The 6th edition of the dictionary, an abridged version of the respected Oxford English Dictionary, includes 2500 added words since the last edition,據說許多是環保相關字眼
English dictionary omits the hyphenNormally updated editions of the Oxford English Dictionary win headlines for new word additions that serve to fatten out the already stocky books.
But the sixth edition of the Shorter Oxford English Dictionary is remarkable not for what it adds, but rather for what it omits.
Editors overseeing the new version have removed the hyphen out of 16,000 words, despite many of them being two-word compound nouns.
Ice-cream is now ice cream, post-modern is now postmodern, fig-leaf is now fig leaf, and pot-belly is now pot belly.
Optimistic linguists will say the omission is just a quirk of Shorter’s concise style, but traditionalists of the English language may worry.
Based on evidence from the Oxford Reading Programme, a network of researchers who provide examples of how people use words, “the hyphen seems to be on the way out.”
Some mainstream press reports say the reasoning is because people can no longer be bothered to reach for the hyphen key, when they write e-mails or text messages.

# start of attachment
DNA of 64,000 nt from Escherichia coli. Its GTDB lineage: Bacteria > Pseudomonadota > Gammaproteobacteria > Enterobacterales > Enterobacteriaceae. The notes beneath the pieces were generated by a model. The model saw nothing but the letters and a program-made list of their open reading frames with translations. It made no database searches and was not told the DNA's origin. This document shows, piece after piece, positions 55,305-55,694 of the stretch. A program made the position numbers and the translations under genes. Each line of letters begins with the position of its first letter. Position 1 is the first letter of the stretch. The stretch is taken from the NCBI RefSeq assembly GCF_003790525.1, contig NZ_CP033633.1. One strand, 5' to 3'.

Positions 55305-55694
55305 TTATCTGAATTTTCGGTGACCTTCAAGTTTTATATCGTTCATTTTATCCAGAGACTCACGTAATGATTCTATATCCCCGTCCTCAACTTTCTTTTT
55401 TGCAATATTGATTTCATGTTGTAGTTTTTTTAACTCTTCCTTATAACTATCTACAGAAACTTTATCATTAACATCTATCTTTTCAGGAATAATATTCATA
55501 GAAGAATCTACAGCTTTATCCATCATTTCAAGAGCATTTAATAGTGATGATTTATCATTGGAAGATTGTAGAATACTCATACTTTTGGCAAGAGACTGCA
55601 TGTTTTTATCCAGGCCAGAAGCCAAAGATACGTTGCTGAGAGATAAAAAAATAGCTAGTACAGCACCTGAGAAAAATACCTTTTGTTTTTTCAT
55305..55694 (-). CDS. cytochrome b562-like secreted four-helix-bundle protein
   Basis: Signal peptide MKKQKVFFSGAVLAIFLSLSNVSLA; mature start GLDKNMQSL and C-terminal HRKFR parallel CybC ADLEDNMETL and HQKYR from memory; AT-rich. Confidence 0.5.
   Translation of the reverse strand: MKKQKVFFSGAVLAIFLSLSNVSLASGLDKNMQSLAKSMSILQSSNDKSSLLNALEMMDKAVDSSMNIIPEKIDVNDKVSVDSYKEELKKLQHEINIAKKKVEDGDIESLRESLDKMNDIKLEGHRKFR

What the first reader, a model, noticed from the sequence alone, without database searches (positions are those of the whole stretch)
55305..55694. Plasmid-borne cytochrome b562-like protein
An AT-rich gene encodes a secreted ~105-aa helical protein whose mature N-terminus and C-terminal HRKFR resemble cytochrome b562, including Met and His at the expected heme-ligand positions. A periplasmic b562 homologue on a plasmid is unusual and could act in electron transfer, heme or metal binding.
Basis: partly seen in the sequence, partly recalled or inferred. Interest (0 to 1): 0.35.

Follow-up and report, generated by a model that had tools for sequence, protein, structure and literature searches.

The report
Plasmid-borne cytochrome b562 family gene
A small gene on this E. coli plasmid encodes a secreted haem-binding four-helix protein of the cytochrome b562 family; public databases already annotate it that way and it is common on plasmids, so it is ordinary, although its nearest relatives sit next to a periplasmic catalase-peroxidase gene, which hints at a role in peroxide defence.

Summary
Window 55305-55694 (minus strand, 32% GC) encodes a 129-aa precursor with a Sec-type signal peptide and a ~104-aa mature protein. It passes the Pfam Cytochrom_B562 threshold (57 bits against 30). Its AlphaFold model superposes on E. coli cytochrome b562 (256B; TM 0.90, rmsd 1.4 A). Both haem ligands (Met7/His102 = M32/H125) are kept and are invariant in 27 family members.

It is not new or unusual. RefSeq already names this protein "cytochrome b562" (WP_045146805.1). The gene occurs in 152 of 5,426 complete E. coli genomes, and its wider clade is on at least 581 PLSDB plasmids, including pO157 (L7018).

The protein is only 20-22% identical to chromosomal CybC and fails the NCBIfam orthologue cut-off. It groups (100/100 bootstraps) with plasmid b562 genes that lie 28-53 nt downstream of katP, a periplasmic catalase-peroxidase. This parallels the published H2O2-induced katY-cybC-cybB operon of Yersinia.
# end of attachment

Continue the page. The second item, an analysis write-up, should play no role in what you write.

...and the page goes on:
But Angus Stevenson, editor of the Shorter OED, said: “People are not confident about using hyphens anymore, they’re not really sure what they are for.”
Separately, the sixth edition is hailed as accurately charting the rise to prominence of ‘green’ issues in society, evidenced by the inclusion of “carbon-neutral,” “carbon footprint” and "Chelsea tractors.”
Other noteworthy additions include "WAGs" – to denote wives and girlfriends, “Webinar” – an online seminar, and “charette” – to denote a meeting or conference devoted to planning or problem-solving.
“Papped” – being photographed by the paparazzi, “brag book” – a photograph album and “size zero” to denote stick-thin models also make up 2,500 new words now in the Shorter OED.
Other spelling changes made as part of the updating of the text include cafe for café, fetus for foetus, kaftan for caftan, and raccoon for racoon.